Music Belongs to Everyone: Moments of Progress in Community Music Therapy with Musicians with Severe Disabilities
By Luca Tiszai
The article describes novel and successful projects involving musicians with severe disabilities and adolescent music students. The Nádizumzuzum Orchestra consists of adult members of a nursing home. They are able to play music with a newly developed method called Consonate. The young musicians are students of the Zoltán Kodály Hungarian Choir School. This article presents the historical and socio-political background of the project to illustrate how music therapy grows from particular cultural and political circumstances of Hungary, and therefore takes a particular Hungarian form and flavour. The article also reflects on the wider context of the international research and practice of Community Music Therapy.
Keywords: Community Music Therapy, Hungary, severe disabilities, social inclusion, orchestra
Cultural Background: Hungary, the Country of Zoltán Kodály
Zoltán Kodály, a Hungarian composer, ethnomusicologist, and music educator of the early 20th century, played a highly influential role in the modernization of music education. His movable solfa system is well known in his country and abroad. His dream was to build a musical nation, where musical literacy (the ability to sight read) is a part of national culture. Thus, he strove for compulsory music education as an integral part of education in kindergarten and in elementary school (Forrai, 1988, p. 8). In order to reach his goal, he also emphasized how important the musical education of kindergarten and elementary school teachers is. As he put it, “Real art is one of the most powerful forces in the rise of mankind, and he who renders it accessible to as many people as possible is a benefactor of humanity” (Kodály, 1974, p.175). He proclaimed the priority of singing and promoted the renewal of the Hungarian Choir movement. Kodály (1941/2007a,) believed that “Musical education contributes to the many-sided capabilities of a child, affecting not only specific musical aptitudes but his general hearing, his ability to concentrate, his conditional reflexes, his emotional horizon and his physical culture” (p. 93).
He established primary schools specializing in singing nationwide. Furthermore, the strict centralization of education during the communist time put an emphasis on music education and made the Kodály method the only possible way of teaching music in Hungary. The result of this regulation is that the generation who finished elementary school before the political change is considered to be generally better trained in music than those who graduated later. My general experience is that people from the previous generation are able to read musical notes, know around 100 folk songs by heart, and are able to recognize the most popular classical pieces. Teaching the younger generation, I was surprised that they cannot sing even the most popular Hungarian folk songs, which can be found in every Hungarian songbook.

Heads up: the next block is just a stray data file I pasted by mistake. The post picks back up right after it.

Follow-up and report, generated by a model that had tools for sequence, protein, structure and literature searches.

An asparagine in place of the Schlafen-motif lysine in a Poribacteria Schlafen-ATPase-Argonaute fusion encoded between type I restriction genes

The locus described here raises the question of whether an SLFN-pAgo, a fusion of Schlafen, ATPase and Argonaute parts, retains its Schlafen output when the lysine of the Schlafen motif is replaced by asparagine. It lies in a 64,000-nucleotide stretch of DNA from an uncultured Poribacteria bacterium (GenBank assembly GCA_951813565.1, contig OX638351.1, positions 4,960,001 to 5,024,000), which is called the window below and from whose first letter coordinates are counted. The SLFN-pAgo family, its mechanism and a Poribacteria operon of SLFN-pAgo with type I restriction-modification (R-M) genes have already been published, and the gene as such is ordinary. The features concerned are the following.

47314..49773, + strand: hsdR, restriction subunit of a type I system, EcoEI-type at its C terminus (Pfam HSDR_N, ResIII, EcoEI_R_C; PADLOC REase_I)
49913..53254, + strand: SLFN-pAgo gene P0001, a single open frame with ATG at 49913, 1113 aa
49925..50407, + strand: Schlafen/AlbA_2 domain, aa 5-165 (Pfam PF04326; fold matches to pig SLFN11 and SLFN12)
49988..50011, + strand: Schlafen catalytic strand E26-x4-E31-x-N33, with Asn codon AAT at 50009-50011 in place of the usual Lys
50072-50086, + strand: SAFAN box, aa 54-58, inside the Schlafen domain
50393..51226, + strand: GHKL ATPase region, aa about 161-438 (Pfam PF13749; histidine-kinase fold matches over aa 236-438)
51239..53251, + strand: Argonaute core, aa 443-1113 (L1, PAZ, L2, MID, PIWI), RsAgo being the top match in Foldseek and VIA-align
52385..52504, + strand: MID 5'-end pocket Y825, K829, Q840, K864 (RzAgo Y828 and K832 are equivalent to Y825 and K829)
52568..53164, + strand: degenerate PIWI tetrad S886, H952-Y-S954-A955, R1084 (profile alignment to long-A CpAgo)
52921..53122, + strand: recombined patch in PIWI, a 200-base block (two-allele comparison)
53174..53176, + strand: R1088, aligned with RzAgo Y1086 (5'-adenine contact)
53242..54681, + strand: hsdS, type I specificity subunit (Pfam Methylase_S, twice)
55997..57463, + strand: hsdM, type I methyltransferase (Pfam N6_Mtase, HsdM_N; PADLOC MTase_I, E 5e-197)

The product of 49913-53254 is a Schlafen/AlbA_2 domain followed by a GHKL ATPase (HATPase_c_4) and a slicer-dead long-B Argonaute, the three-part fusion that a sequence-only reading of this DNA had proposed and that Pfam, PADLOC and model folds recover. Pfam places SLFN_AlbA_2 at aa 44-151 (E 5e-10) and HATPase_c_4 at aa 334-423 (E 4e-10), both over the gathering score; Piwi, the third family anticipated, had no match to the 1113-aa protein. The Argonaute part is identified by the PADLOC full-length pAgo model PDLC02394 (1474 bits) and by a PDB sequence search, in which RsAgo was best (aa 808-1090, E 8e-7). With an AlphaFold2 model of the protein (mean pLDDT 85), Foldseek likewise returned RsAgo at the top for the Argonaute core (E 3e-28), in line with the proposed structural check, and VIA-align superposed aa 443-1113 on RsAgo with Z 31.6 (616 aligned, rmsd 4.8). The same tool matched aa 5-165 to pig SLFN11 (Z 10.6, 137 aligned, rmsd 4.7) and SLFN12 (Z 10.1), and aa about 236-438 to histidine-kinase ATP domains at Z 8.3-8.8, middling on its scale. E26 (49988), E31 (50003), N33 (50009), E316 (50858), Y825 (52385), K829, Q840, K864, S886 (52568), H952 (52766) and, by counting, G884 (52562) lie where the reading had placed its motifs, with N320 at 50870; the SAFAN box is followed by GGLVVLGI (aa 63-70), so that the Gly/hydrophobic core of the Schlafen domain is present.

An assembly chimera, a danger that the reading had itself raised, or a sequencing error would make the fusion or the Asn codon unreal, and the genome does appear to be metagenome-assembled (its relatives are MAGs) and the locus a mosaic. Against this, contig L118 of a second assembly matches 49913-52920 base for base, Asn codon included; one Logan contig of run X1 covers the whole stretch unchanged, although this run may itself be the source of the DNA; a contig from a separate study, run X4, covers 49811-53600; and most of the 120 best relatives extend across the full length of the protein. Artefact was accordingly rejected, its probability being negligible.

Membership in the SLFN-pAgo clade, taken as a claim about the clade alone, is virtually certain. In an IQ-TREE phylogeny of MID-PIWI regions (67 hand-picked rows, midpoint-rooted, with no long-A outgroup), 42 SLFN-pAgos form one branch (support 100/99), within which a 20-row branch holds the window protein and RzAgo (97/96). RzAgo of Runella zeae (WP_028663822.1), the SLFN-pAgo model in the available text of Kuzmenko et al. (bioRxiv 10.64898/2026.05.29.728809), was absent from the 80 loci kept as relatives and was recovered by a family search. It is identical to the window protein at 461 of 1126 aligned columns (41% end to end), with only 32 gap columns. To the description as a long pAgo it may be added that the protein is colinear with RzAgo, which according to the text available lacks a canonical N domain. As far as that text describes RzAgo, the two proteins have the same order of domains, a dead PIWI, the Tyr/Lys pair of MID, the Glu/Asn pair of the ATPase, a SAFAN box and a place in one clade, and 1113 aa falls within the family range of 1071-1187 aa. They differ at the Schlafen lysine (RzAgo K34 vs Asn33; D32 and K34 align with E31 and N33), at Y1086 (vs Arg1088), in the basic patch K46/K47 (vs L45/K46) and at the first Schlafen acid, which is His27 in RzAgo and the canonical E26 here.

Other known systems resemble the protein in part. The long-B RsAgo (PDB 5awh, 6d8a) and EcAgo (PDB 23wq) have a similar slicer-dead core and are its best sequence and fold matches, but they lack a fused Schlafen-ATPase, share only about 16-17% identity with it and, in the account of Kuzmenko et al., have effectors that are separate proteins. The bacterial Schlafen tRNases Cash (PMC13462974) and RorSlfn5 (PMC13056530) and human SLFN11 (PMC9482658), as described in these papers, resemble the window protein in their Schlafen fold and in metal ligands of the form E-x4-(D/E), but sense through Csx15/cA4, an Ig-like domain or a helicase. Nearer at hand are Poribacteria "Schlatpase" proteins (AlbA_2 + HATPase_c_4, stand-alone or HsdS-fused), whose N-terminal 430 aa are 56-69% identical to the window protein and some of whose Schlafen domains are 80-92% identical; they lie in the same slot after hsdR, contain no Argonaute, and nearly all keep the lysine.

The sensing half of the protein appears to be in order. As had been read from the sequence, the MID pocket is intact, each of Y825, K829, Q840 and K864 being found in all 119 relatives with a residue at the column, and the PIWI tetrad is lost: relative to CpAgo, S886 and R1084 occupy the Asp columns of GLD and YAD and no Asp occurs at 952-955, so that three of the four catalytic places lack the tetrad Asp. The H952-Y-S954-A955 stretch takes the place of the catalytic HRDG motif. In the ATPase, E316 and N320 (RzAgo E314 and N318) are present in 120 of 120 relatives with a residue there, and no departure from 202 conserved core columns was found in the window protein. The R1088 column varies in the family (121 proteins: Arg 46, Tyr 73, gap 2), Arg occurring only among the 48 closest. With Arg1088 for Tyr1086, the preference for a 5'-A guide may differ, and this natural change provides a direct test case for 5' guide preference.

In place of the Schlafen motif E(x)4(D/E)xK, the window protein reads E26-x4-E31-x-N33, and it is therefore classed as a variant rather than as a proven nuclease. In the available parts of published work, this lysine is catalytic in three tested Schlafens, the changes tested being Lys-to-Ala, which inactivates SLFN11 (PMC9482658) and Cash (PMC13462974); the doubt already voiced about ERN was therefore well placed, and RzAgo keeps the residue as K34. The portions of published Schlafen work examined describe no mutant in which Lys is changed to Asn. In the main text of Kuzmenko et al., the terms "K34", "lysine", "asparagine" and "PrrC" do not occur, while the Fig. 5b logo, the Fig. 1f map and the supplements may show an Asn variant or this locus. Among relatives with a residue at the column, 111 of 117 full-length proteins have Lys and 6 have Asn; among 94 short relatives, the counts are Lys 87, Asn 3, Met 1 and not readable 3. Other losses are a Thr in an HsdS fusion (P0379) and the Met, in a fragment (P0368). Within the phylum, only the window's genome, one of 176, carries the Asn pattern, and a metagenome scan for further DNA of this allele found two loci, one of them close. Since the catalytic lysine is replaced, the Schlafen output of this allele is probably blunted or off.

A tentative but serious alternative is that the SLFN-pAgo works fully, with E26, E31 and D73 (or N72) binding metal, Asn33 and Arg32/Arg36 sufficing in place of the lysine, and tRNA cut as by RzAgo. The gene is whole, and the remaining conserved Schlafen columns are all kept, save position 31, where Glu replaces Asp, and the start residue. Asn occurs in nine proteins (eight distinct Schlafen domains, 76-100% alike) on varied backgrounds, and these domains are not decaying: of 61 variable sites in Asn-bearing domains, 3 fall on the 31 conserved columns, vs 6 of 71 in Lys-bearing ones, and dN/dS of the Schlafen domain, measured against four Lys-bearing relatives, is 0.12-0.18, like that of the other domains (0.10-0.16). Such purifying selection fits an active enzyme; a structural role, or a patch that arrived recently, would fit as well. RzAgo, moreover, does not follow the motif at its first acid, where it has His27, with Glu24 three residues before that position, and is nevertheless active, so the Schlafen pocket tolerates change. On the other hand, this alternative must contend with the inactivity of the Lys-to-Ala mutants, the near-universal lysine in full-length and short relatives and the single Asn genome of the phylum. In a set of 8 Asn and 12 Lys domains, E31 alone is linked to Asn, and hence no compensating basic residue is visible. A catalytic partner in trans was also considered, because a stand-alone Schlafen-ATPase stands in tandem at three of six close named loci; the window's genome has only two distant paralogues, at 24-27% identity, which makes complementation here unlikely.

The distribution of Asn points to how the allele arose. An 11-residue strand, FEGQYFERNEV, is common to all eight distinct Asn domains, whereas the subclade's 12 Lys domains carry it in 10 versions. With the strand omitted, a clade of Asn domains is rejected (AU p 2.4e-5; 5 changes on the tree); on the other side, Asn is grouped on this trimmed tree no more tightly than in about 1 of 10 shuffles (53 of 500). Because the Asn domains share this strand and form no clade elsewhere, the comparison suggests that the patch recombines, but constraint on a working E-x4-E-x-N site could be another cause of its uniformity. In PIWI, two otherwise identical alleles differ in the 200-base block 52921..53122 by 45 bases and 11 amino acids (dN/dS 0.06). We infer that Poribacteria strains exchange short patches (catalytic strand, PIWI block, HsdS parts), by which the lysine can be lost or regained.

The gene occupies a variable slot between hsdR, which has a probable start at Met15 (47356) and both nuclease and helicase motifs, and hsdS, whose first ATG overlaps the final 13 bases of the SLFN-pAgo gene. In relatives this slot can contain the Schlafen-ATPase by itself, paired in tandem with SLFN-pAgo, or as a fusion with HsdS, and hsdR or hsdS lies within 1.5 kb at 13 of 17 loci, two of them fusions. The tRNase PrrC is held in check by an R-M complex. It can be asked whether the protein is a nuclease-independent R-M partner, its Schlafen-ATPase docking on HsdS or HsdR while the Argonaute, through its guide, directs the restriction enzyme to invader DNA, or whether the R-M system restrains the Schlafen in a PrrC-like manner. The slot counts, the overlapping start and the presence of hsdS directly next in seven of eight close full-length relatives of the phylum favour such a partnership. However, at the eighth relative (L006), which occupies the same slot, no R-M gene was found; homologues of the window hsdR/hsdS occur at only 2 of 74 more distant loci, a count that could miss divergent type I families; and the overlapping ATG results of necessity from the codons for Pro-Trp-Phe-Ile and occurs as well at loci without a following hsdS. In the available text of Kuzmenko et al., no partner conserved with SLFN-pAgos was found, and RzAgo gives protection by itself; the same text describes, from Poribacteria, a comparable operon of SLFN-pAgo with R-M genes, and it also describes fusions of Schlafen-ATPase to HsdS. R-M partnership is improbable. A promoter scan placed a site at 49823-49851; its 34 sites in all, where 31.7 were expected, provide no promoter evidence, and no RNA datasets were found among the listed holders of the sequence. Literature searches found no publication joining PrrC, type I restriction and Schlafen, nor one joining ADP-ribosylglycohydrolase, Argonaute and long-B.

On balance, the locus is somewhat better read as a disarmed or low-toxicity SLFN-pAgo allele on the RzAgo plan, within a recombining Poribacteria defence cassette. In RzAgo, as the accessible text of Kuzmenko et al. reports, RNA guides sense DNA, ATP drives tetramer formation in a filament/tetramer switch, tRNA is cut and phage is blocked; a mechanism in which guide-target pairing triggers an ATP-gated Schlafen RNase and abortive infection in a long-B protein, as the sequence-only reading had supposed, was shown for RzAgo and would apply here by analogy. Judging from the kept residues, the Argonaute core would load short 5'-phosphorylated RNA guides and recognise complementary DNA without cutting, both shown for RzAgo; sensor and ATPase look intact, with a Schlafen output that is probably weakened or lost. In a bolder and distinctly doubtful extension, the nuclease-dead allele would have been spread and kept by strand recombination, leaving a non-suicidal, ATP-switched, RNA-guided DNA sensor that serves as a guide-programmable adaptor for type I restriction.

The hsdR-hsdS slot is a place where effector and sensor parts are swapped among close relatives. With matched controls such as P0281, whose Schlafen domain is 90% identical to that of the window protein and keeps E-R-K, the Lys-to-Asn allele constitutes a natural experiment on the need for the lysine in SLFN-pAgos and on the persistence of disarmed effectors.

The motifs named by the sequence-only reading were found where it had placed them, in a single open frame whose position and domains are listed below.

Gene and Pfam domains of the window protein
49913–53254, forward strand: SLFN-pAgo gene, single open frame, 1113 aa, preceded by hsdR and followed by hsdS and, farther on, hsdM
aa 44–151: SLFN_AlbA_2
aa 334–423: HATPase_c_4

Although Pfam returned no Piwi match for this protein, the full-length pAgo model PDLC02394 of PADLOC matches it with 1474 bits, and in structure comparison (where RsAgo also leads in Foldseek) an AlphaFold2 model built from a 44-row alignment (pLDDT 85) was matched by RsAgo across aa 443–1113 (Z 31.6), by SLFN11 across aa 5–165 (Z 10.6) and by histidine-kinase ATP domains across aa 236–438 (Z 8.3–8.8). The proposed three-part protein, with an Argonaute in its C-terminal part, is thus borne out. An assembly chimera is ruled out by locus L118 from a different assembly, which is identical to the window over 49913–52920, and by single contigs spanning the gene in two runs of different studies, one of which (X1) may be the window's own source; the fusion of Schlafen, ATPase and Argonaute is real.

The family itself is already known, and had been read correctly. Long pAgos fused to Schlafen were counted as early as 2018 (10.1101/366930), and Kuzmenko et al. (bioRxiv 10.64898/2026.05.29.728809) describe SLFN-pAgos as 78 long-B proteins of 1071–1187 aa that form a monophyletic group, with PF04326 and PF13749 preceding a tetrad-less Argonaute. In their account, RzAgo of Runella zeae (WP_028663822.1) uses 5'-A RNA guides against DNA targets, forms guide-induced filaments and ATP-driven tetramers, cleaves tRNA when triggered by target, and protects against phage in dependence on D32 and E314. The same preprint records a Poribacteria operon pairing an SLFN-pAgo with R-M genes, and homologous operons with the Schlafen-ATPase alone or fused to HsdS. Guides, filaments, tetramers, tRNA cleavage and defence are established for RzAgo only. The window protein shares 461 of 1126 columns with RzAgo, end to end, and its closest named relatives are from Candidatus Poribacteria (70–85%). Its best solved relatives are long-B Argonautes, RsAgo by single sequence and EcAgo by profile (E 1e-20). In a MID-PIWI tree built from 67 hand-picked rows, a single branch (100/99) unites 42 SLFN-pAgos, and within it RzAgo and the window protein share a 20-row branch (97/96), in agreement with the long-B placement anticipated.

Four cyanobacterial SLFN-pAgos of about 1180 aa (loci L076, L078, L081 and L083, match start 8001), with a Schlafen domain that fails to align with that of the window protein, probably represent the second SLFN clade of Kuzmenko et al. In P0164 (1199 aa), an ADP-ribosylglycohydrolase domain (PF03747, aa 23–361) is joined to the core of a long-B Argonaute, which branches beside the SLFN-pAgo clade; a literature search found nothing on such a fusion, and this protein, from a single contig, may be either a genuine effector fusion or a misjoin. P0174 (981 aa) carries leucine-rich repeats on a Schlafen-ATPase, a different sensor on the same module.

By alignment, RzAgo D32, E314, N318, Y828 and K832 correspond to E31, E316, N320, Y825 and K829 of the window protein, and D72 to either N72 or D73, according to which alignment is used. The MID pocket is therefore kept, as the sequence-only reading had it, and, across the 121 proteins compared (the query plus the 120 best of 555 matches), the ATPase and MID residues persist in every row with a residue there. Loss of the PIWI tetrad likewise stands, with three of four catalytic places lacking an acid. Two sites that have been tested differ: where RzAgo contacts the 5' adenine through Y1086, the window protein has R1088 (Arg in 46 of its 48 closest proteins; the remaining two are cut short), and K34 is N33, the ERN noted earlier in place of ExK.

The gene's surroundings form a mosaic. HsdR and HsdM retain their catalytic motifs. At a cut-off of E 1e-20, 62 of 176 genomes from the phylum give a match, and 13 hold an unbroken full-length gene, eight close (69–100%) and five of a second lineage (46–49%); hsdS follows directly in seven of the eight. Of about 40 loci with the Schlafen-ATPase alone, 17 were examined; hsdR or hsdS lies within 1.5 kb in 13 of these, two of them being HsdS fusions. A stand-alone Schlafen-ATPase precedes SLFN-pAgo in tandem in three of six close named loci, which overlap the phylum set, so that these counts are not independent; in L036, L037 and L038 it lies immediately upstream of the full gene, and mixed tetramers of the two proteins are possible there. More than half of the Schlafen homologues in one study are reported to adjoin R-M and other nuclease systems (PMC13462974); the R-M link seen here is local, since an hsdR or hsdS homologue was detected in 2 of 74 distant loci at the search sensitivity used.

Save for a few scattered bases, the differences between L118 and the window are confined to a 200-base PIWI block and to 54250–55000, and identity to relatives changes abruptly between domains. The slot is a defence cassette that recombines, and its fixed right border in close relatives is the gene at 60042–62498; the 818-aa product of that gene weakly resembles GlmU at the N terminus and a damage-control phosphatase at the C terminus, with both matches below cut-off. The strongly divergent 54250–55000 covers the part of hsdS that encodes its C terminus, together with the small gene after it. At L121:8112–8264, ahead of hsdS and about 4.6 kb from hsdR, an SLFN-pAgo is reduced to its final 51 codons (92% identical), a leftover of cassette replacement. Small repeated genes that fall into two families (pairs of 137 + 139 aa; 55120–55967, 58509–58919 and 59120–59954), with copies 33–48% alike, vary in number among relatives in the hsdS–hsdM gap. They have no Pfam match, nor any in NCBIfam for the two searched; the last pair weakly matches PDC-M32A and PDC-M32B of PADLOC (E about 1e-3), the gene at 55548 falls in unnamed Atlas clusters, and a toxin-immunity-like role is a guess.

Currently, primary schools specialized in Kodály-based singing still exist, but instead of five weekly music lessons (not counting choir rehearsals) now they provide only three. Music education is still compulsory from 1st through 10th grade, but in spite of the protest of the music teachers, it includes only one lesson a week. Although the dream of Kodály about building up a musical nation could not become reality, there are many good projects based on his concept and vision. The spirit and inheritance of Kodály was the common ground for the cooperation that started between Zoltán Kodály Hungarian Choir School (ZKHCS) and the Nádizumzum Orchestra.
The Zoltán Kodály Hungarian Choir School (ZKHCS)
Ferenc Sapszon Jr., a conductor who was a recipient of Kossuth and Liszt Prizes, founded the ZKHCS in 1988. It is an elementary, middle, and music school in Budapest, Hungary. Its music-centered concept of education is based on the principles of Zoltán Kodály. The ZKHCS is a relatively small school having only one class for each academic year. The students of this school are devoted to music, especially choral singing. They have daily singing lessons, choir rehearsals, and individual vocal training, and many of them learn to play musical instruments as well. The school has five different choirs, which have concerts, even at weekends, sometimes abroad. All of these choirs reach the highest artistic quality; they are the recipients of several awards in Hungary and abroad. Because of the frequent concerts, these students spend a lot of time together. Thus, the strong sense of belonging and community is an important characteristic of the students of ZKHCS.
Community Music and Special Education in Hungary